We’ve all seen movies that feature a fire in the depths of space, most notably in the 2013 film Gravity where – along with George Clooney smouldering away – we see a fire break out on their space station.
But how would a fire actually behave in microgravity? Fortunately, NASA scientists have long been pondering that themselves.
Since 2009, researchers onboard the International Space Station have been conducting experiment FLEX (Flame Extinguishment Experiment) which sought to find out how fire behaves in space and, more importantly, how to extinguish it.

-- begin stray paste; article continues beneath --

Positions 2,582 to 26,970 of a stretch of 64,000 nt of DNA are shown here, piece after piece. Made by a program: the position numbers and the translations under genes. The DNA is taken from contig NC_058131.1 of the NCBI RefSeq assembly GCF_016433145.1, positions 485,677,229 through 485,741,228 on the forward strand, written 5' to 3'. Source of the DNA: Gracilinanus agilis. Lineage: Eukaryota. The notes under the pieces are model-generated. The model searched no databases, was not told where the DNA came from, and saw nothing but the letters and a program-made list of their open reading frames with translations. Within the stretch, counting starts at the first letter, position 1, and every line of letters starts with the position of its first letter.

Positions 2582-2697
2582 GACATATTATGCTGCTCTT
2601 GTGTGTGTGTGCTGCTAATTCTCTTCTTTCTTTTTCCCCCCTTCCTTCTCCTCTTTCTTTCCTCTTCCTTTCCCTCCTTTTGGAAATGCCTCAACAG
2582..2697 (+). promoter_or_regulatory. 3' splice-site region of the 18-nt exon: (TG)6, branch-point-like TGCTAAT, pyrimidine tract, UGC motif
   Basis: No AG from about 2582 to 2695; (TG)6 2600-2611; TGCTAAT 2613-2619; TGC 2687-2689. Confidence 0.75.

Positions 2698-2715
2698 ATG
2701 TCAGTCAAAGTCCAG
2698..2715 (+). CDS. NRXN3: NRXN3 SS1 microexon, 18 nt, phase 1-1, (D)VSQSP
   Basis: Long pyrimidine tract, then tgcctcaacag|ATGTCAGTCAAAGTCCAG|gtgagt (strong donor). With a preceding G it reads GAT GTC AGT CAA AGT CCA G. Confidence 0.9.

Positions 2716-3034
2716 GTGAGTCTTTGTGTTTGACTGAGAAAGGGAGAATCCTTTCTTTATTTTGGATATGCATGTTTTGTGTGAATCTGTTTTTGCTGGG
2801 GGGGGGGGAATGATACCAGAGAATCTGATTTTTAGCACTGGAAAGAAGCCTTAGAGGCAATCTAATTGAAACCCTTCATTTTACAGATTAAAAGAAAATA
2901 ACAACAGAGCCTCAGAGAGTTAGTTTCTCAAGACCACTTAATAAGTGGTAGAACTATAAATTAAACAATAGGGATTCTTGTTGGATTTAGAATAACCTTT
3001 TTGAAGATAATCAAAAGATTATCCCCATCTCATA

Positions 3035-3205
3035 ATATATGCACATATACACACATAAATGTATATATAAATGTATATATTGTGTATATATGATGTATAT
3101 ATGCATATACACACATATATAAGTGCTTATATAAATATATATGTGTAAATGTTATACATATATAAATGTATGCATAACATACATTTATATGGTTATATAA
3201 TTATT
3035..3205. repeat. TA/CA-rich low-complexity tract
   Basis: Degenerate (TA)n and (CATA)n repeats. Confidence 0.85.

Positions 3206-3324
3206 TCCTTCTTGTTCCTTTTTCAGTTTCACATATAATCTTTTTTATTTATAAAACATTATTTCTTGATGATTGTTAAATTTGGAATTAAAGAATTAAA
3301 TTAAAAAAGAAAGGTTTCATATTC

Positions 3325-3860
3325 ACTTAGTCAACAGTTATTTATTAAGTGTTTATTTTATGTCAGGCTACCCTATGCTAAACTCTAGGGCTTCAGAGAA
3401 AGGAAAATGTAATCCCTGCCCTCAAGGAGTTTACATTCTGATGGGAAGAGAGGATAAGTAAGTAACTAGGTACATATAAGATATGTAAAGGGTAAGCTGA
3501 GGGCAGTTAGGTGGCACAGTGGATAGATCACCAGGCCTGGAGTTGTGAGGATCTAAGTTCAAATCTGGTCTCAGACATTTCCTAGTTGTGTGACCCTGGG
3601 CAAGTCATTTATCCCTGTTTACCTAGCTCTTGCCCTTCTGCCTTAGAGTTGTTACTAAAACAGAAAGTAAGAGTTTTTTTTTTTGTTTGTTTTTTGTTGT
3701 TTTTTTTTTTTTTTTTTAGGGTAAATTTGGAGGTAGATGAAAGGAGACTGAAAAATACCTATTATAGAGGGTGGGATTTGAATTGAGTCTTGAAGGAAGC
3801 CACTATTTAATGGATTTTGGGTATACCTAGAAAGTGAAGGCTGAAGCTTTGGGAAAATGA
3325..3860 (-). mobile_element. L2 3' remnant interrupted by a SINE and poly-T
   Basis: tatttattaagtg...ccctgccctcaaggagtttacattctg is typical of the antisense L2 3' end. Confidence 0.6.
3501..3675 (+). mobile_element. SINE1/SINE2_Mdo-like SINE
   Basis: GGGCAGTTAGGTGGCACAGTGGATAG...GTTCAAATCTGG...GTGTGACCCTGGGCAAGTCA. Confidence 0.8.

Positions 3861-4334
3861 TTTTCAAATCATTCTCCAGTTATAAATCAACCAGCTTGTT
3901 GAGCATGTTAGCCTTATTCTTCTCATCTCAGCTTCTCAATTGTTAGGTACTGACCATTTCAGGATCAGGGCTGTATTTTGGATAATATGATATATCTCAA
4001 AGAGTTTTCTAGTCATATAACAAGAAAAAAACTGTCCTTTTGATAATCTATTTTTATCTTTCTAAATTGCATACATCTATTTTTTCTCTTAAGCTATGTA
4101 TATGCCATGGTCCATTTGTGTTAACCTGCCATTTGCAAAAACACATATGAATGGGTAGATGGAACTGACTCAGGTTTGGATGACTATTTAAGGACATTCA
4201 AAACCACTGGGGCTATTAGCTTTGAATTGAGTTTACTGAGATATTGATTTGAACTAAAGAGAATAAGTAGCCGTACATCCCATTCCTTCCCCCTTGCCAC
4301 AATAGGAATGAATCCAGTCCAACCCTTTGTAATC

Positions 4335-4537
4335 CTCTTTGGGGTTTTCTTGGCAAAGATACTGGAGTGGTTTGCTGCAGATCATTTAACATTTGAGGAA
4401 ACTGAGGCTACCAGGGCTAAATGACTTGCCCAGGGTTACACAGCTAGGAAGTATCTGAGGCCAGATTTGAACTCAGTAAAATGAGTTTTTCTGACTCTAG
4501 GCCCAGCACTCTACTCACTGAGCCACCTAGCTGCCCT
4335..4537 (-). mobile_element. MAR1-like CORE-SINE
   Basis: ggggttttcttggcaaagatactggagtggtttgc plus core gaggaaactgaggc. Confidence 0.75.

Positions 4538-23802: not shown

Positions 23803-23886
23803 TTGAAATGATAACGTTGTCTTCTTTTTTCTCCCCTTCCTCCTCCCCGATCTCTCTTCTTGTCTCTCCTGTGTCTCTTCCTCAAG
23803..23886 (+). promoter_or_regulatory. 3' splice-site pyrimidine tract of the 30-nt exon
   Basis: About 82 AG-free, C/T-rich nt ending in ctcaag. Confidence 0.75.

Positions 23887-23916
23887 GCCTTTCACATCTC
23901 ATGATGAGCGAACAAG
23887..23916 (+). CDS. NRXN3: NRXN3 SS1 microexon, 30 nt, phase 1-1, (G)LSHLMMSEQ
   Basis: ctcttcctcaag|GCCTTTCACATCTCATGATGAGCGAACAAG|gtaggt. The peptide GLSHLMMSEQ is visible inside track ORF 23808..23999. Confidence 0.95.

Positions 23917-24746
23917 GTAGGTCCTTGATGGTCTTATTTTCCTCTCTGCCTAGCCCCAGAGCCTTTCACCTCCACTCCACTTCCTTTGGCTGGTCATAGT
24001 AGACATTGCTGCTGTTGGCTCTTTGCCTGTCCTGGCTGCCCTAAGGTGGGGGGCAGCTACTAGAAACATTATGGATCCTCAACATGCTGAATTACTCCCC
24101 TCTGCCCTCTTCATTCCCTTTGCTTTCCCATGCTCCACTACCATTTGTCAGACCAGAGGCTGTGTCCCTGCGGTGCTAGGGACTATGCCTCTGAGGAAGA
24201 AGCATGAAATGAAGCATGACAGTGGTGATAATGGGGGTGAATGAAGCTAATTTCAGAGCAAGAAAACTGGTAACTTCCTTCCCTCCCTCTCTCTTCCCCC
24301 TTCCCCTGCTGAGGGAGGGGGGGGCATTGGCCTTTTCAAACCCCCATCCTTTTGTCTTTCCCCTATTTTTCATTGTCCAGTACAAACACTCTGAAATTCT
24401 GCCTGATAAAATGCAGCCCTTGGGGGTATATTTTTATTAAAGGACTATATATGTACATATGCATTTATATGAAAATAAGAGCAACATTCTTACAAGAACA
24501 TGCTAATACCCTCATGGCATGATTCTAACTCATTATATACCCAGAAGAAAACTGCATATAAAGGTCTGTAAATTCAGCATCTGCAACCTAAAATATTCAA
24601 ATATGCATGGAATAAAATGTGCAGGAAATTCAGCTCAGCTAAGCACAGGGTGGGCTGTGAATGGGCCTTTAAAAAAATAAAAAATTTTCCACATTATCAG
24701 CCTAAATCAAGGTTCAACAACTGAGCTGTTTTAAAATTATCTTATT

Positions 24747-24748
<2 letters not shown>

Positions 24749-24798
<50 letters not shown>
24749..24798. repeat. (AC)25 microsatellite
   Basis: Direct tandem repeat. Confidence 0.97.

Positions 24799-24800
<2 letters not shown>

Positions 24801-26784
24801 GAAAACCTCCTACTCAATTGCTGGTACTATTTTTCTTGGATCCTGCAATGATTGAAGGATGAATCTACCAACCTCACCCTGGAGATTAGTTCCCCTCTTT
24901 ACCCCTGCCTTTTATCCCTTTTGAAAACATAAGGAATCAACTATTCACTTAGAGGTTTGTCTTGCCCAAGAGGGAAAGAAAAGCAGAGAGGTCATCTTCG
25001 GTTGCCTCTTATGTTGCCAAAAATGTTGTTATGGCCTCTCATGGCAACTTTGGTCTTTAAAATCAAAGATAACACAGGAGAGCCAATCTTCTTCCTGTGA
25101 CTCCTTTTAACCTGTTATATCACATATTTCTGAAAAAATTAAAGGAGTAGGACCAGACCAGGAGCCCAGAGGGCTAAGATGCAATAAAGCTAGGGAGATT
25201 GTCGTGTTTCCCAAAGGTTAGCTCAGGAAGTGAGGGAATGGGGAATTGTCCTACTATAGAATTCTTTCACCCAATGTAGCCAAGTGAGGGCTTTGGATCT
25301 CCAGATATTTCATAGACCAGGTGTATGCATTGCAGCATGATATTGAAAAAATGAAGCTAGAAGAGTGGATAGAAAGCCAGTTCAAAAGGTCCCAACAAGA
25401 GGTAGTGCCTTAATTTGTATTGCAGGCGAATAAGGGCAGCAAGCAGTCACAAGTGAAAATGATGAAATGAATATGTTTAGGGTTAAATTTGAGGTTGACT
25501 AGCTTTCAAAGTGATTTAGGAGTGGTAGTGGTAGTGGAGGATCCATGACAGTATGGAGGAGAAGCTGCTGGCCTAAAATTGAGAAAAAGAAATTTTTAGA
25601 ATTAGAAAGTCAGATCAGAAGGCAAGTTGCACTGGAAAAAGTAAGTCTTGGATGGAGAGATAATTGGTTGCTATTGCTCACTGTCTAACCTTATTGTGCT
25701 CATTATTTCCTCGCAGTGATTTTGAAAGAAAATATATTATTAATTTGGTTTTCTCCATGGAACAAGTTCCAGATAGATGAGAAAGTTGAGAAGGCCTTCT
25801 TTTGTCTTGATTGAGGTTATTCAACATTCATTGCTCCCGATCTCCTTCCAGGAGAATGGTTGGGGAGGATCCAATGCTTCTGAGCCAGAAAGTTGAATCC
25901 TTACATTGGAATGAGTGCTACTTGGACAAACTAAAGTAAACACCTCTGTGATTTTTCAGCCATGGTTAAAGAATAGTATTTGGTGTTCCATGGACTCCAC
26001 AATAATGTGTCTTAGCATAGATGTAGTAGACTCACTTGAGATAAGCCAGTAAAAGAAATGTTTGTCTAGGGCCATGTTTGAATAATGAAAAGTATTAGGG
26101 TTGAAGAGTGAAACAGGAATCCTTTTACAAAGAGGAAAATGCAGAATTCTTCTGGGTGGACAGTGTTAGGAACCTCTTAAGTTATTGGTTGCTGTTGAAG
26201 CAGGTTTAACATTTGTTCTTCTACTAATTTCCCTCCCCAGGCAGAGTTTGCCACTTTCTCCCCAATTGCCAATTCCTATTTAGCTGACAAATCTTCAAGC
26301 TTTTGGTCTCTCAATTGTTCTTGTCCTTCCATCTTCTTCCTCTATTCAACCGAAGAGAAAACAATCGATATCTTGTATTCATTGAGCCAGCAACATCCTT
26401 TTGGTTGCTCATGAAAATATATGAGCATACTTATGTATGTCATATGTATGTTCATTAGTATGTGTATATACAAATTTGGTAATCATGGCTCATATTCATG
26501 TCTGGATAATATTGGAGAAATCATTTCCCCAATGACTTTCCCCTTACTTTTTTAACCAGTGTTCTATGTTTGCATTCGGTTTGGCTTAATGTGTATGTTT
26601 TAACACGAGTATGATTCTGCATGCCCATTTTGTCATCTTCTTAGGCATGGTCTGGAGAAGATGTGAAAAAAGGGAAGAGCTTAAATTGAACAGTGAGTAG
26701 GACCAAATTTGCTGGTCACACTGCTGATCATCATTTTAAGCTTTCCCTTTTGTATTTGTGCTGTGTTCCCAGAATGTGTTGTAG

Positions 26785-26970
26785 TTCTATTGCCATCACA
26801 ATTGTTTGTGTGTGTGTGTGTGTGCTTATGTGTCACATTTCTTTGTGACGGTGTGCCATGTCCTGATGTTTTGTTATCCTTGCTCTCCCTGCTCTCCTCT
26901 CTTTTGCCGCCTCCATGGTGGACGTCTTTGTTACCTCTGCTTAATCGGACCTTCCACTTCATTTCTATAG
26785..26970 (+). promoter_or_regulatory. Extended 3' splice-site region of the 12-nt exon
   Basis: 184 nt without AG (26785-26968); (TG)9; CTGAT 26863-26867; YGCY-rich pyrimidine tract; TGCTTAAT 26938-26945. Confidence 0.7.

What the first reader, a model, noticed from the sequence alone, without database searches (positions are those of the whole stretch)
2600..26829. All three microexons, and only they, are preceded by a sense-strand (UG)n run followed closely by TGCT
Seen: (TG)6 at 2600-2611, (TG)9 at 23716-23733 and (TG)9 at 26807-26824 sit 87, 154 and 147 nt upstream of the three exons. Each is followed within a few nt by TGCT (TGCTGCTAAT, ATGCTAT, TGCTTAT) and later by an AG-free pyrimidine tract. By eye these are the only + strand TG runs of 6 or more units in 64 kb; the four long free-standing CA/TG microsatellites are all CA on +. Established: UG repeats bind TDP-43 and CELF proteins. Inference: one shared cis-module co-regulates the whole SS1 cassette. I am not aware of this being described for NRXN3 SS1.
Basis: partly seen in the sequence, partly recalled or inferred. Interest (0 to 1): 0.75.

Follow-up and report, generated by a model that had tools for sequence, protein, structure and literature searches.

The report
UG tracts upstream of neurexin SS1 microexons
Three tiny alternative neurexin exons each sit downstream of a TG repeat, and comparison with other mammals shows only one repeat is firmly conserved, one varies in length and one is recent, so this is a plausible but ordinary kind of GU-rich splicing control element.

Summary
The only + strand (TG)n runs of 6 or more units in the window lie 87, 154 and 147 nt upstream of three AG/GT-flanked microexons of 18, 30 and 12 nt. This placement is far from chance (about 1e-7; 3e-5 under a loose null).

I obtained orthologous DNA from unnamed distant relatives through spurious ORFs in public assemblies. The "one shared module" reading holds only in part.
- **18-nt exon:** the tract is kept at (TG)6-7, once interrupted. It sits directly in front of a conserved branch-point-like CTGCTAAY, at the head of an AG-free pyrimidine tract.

When you light a candle, it forms that classic teardrop shape. However, that’s only because of gravity. When the oxygen is consumed by the fire, the hotter air rises and the cooler uncombusted air sinks to the bottom. But without gravity, there’s no separation between lighter and heavier air, so the fire burns in all directions equally, causing a slow-burning globe of combustion.
Weirdest of all, FLEX found that combustion can happen without any visible flames.
Check out this episode of DNews which shows even more weird and wonderful demonstrations of fire in space.
Main image credit: cbransto/Flickr. (CC BY 2.0)